Seven years ago, on the eve of my birthday and while I was preparing myself to cross into the thirties my grandpa died. I remember that day so good because I had a good day till the point I got the call telling me that he’s gone.
I had plans to celebrate turning thirty, and for an unknown reason or probably just regular excitement I celebrated early.
I spent my birthday crying my late grandpa and replaying the last months that lead to his death. He was ill, he was in and out of hospitals to many times. He was once in the ICU and everyone thought he won’t make it but he did. Then his doctor suggested he should have an operation. According to his doctors his chances of life and death were equal whether he had the operation or not but had the operation succeeded he will be able to live for many years to come.
I saw my grandpa a day before the operation. Something inside me kept telling me that we are saying our last goodbyes. In that day my grandpa was in a relatively good shape, sometimes I wish I voiced the idea that crossed my mind when I saw him and the he shouldn’t be having this operation anyway as long as he seems to be improving.
He died in the eve of my thirtieth birthday. Yet he wasn’t the 1st grandparent to do it. His wife (my maternal grandma died two days ahead of my 16th birthday). And three years after his death my paternal grandma dies three days ahead of my birthday.
I remember how sad my father was when my grandpa died. I remember that he just went to the hospital though he knew he won’t do anything. He just wanted to be there. Yet I remember that he brought me a gift and gave it to me. I remember him saying that my grandpa died yet it is my birthday. I remember him giving me the gift and saying: “happy birthday Misho”.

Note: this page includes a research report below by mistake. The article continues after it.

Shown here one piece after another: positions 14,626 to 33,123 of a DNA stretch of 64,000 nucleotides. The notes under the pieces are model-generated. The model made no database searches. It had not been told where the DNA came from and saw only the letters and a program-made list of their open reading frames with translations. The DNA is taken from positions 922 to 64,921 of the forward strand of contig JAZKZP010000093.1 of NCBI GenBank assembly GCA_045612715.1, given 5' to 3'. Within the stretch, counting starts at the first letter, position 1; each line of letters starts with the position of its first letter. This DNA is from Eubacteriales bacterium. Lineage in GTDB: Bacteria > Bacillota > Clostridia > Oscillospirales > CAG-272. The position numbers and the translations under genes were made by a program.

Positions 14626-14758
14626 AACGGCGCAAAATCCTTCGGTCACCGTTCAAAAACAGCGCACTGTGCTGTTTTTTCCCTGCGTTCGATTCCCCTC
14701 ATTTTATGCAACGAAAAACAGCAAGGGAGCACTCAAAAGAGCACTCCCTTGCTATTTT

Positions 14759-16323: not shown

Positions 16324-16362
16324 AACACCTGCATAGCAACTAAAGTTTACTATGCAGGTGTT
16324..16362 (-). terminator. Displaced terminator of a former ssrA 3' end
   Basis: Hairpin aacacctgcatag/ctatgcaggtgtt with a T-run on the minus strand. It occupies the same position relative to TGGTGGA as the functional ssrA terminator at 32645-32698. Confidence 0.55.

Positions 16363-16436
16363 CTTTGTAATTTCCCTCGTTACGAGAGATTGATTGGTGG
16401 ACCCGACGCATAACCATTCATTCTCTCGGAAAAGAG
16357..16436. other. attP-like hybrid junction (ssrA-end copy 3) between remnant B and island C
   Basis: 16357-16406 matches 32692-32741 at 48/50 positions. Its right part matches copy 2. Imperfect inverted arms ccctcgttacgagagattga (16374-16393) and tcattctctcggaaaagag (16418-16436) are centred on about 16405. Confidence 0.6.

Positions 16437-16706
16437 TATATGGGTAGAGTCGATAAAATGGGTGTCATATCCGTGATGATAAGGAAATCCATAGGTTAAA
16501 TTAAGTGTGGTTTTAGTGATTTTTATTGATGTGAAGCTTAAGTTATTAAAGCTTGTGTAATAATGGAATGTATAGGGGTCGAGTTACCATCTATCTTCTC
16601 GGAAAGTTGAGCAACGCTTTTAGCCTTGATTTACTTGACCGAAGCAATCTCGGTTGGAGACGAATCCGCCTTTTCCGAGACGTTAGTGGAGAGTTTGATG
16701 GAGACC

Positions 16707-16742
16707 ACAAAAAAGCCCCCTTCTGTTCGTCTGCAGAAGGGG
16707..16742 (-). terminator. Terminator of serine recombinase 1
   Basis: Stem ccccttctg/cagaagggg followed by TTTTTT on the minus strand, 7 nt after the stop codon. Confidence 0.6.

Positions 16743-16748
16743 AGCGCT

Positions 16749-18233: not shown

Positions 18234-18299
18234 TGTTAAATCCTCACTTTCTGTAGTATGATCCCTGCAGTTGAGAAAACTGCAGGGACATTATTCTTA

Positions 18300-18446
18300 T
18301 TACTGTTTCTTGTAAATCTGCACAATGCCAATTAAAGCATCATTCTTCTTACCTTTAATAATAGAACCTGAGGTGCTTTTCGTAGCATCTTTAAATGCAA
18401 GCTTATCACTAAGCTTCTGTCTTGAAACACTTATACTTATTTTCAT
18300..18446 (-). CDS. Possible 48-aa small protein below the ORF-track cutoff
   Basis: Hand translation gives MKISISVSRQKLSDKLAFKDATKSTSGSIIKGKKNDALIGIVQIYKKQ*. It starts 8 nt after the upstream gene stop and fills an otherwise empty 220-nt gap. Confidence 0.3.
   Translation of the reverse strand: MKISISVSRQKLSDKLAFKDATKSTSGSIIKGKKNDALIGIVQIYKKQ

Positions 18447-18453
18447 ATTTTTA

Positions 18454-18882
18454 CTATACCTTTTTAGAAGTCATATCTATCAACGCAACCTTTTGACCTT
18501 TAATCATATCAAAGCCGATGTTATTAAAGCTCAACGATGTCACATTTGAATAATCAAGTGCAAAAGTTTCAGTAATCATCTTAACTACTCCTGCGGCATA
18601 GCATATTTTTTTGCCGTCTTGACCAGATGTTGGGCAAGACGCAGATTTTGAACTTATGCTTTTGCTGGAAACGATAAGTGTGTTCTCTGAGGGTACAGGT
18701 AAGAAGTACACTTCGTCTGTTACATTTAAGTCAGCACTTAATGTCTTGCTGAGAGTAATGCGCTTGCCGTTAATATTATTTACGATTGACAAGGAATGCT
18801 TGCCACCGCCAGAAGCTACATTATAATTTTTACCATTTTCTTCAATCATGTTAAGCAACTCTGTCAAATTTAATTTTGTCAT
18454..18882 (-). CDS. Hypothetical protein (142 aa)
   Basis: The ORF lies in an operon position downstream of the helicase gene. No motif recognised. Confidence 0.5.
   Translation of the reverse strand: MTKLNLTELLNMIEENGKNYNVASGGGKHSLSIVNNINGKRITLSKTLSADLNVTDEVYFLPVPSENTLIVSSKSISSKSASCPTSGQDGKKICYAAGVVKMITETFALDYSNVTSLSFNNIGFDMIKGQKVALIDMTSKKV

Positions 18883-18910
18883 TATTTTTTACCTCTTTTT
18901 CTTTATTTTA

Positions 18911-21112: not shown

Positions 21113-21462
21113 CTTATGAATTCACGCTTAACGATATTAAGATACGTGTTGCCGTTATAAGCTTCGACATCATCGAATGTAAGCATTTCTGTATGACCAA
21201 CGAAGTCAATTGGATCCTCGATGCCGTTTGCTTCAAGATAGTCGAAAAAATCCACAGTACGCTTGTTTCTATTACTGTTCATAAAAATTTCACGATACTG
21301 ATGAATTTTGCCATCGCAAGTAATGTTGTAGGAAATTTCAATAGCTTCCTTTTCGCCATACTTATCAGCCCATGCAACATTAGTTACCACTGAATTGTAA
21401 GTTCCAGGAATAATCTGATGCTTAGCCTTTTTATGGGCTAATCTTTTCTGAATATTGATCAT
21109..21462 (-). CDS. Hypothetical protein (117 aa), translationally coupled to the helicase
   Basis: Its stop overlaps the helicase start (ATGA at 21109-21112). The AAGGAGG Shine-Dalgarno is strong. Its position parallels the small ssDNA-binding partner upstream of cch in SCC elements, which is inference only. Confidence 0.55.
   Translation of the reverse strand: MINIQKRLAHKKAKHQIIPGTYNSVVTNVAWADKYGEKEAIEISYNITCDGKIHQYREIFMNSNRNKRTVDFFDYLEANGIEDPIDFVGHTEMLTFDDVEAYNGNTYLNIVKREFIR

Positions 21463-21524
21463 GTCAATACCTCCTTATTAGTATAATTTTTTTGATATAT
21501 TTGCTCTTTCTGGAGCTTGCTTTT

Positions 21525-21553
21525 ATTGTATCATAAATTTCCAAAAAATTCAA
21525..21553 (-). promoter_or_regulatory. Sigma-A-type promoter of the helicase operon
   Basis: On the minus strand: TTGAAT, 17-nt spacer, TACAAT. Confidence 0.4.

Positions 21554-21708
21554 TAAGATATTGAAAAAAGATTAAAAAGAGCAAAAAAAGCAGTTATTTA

I didn’t know back then that seven years later I will spend my birthday thinking of this exact situation trying to figure out what lesson did my dad intend by giving me this gift in that time.
Did he want me to know that regardless how deeply he is grieving the loss of my grandpa yet he loved me more, or did he want me to know that life should always trump death?
I keep thinking of this very incident as I am passing the 37th line while grieving my own father’s death. My father didn’t die on my birthday; he died a little over a month earlier and a little over a month after his 73rd birthday.
I keep thinking what would my dad do, and what would he want me to do?
I can’t claim that I am starting my 38th year feeling lost, because whatever feeling I am going through since my daddy’s death is more profound than words.
My 37th year was rough, even before daddy passed away. My years start with my birthday and the 37th year started we a huge fight with someone whom I used to consider a close friend. A fight that led to more fights over the course of the year and eventually to the end of the said friendship. Later on my writing dream came to an “expected” hold for reasons I foresaw yet had nothing to do to stop or change. I also got into a sort of relation with Mr. “Don’t count us as a relationship”. “Him” was an eye opener. How I opened up to experiment getting lost into something that I knew better than even attempting to seriously consider. And how doing so opened up space for novel ideas and feelings.
A definitive moment was him asking me about a certain someone, and how his seemly innocent question made me realize that I was never really over that certain someone and my feelings for him had been the same. My feelings for that certain someone remained as fresh and as intense regardless how many years passed since “we” were over and regardless everything I did to get over him. I even still tremble every time I remember how I felt facing that question.
And though it seems that I have enjoyed the discoveries that “no relation” with Mr. “don’t count me as relationship” yet it was rough. I still got many questions unanswered. And he/ it left scratches that will need time to heal and might lead to complications.
But what made my 37th year really rough was the idea that I am going to lose my dad. He had several health issues that kept me on my nerves. Ironically nothing I worried about killed him, what killed him was something no one would see and even worse something that no one could stop.
He died anyway, and now I am starting my 38th year without him.
I have no safety nets. I am officially a grownup.
The birthday test never fails. Only those who love you will remember. And only those who love you will make the call regardless how inconvenient the circumstances seems to be.
Only those who love you will show their love because they know that love conquers all.